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By Kathy Megyeri
“A pessimist sees the difficulty in every opportunity; an optimist sees the opportunity in every difficuLTY.”WINSTON CHURCHILL
My two best friends, the same age, live in assisted living in Ft. Myers, FL. One is having a difficult time seeing any good in these trying times of COVID between mask wearing and social distancing. The other relishes her alone time, reading, sipping her glass of rosé each evening, talking with friends on the phone and planning the dinner menu that will be delivered to her door each evening at 5 o’clock. What makes them so different?
Studies on attitude or one’s perspective show that one’s longevity is definitely affected. The Journal Archives of Internal Medicine studied 2,800 heart patients and reported that those optimistic about their heart disease were more likely to live 15 years longer than those who were pessimistic as they were 30 percent more likely to die during the study.
In 2019, a Boston University study tracked 69,744 women for ten years and 1,429 men for thirty years. The most optimistic men and women lived an 11 to 15 percent longer lifespan and had far greater odds of reaching 85 years old compared to their pessimist counterparts. The optimists had healthier habits, lower stress levels, more stable cardiovascular systems and stronger immune systems. They were happier, had fewer health complaints, better relationships and lived an average of seven and a half years longer.
Nobel Prize scientist Elizabeth Blackburn and health psychologist Elissa Epel researched destructive thoughts that damage one’s telomeres, the protective tips at the end of chromosomes. Pessimism was one of five types of toxic thought patterns that shorten the lifespan and created shorter telomeres which indicates a shorter life span.
However, just being an optimist doesn’t extend life expectancy, and optimism and pessimism are not always direct opposites. Just last week, the Berghofer Medical Research institute in Australia found that one should be more mindful of one’s outlook and look at the roses instead of the thorns since optimists usually climb the ladder to success faster.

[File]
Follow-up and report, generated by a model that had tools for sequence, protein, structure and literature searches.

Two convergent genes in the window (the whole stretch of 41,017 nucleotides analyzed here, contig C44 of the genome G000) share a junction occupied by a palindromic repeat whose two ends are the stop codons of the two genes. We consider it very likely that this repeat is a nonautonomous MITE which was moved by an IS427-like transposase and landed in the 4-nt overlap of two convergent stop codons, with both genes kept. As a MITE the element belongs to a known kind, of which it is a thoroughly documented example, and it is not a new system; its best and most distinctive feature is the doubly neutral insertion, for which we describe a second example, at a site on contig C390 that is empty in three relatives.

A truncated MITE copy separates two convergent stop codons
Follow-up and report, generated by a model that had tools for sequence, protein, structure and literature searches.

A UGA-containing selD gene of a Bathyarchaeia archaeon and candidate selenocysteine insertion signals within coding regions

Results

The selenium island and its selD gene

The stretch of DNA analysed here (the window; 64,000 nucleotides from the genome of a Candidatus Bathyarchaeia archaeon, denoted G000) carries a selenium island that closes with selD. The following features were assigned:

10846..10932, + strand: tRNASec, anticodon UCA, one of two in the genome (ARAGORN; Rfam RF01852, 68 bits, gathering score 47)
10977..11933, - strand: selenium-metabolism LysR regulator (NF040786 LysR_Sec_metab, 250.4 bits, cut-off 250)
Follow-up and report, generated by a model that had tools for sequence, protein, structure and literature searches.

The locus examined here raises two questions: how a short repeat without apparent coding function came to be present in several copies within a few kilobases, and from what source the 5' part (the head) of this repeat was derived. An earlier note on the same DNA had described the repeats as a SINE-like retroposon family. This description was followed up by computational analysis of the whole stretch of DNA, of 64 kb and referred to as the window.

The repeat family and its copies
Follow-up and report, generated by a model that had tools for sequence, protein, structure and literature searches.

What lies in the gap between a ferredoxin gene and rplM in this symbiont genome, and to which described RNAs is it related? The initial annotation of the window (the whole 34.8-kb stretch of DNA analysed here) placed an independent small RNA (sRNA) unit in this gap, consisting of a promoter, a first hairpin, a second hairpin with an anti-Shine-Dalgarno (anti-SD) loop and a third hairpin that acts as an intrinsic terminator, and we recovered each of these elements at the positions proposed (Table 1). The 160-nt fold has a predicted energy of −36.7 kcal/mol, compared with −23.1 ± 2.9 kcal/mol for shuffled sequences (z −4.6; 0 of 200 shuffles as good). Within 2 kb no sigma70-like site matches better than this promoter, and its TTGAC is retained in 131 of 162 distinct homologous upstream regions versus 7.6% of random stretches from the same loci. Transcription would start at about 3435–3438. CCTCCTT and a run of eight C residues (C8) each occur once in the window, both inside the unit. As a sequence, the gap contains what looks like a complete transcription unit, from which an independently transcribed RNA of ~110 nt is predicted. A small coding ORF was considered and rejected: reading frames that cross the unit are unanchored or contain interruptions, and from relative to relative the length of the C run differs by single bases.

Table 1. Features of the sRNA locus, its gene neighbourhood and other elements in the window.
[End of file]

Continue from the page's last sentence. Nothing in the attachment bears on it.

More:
Sales personnel with optimistic outlooks sold 37 percent more life insurance in their first two years than pessimists. Optimists had lower stress levels, a more stable cardiovascular system than average and a better immune system. They lived an average of seven and a half years longer, were happier, had fewer health complaints and healthier relationships.
Pessimists focused on difficulties, what goes wrong, disappointments and their narrow focus built up blind spots of negativity.
How can I improve my attitude?
Changing one’s outlook is an instantaneous attitude fix. Optimism expands one’s perspective and unlocks personal resources to see potential and opportunity, no matter the hardship. One needs that wide-angle lens to look at the big picture instead of the zoom-lens. Researcher Barbara Frederickson of the University of North Carolina shows that enlarged perspectives allow one to see more possibilities and to have more positive emotions and gratitude for life’s joys. The positive outlook creates a different biochemical response in optimists versus pessimists that contributes to longevity. Focusing on the upside of situations allows one to see possibilities and empowers one to surmount obstacles, find peace of mind and gratefulness and possibly even solve the issue faster.
I personally can’t preach enough about keeping a gratitude journal so I give one to people at every opportunity. I also post my favorite quote from Henry David Thoreau over my bathroom mirror to read each morning. It says, “If you want to be happy, be.” It’s my little attempt to stay optimistic and maybe live a bit longer.